Extra Solar Planets

The evidence for extrasolar planets will be presented and reviewed. The implications for the development and evolution of Solar Systems will be discussed.

Astrophysics

Basic stellar properties, stellar spectra. Formation and Evolution of stars. Stellar structure: description of stellar structure and evolution models, including star and planet formation. Stellar motions: Space velocity, proper motion, radial velocity, Local Standard of Rest, parallax. Degenerate matter: concept of degenerate pressure, properties of white dwarfs, Chandrasekhar limit, neutron stars, pulsars, Synchrotron radiation, Schwarzschild radius, black holes, stellar remnants in binary systems.

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15

Aims:

(1) To provide a basic understanding of the major subsystems of a spacecraft system.

(2) To provide basic frameworks for understanding of spacecraft trajectory and orbits, including interplanetary orbits, launch phase and attitude control.

(3) To provide an awareness of the basic ideas of how space is a business/commercial opportunity and some of the management tools required in business.

SYLLABUS:

Low Earth Orbit Environment

The vacuum, radiation etc environment that a spacecraft encounters in Low Earth Orbit is introduced and its effect on spacecraft materials discussed.

Spacecraft systems

A basic introduction to spacecraft and their environment. Covers Spacecraft structures and materials, thermal control, power systems, attitude control systems, the rocket equation and propulsion.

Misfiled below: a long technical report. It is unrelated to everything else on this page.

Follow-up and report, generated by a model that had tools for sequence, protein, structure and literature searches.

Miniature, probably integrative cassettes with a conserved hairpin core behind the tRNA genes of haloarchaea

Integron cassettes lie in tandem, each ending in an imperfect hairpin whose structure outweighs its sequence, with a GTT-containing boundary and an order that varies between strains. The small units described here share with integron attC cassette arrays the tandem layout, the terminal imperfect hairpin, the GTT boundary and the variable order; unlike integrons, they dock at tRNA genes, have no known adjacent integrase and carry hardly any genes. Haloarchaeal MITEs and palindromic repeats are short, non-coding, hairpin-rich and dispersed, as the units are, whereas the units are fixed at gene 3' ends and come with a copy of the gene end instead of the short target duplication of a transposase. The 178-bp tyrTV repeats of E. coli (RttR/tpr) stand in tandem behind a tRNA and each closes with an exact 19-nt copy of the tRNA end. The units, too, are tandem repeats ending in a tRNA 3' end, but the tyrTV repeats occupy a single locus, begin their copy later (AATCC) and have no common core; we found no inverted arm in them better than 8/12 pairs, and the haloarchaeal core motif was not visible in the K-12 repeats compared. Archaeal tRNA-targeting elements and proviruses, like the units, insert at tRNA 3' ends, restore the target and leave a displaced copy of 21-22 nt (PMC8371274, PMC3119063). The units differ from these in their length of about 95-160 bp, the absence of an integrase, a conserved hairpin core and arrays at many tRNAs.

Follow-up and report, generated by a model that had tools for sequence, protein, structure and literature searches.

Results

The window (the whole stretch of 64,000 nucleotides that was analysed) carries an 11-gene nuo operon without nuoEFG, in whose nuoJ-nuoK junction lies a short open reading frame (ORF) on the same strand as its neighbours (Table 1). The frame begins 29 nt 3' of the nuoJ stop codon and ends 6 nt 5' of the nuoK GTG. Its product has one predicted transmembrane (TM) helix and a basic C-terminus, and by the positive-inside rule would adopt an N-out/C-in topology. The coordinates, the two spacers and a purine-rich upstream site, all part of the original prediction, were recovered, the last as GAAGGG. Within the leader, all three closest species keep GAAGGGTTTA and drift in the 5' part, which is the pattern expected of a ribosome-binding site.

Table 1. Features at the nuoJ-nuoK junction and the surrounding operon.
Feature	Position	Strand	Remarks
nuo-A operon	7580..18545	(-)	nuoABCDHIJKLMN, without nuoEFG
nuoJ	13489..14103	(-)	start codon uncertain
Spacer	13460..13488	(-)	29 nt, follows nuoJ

Project management

This discusses: the evolving framework in which world-wide public and private sector space activities are conceived, funded and implemented. The basics of business planning and management.

Orbital mechanics for spacecraft

Students will find out how basic Celestial Mechanics relates to the real world of satellite/spacecraft missions. Following an overview of the effects of the Earth’s environment on a satellite, the basic equations-of-motion are outlined in order to pursue an understanding of the causes and effects of orbit perturbations. A description is given of different types of orbit and methods are outlined for the determination and prediction of satellite and planetary orbits. Launch phase is also considered, and the module concludes with an assessment of Mission Analysis problems such as choice of orbit, use of ground stations, satellite station-keeping and orbit lifetimes.

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15

SYLLABUS:

This module focuses on the use of data processing and analysis techniques as applied to astronomical data from telescopes. Students will learn how telescopes and CCD cameras work, to process astronomical images and spectra and apply a range of data analysis techniques using multiple software packages. Students will also engage in the scientific interpretation of images and spectra of astronomical objects.

  • Use of Virtual Observatories for accessing astronomical databases and applying analysis tools to the data files retrieved (with particular emphasis on the Aladdin system); astronomical image formats.

  • Astrometry: Measuring coordinates of celestial objects from images.

  • Photometry: Determining magnitudes of variable stars and/or solar system bodies.

  • Spectroscopy: Determining spectral properties of variable stars and/or solar system bodies.

  • Image Analysis and Enhancement with AIP: Quantifying digital imagery in more detail than Aladdin, and applying a range of techniques (primarily through the use of image operators and convolution kernels).

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  • 15

    SYLLABUS: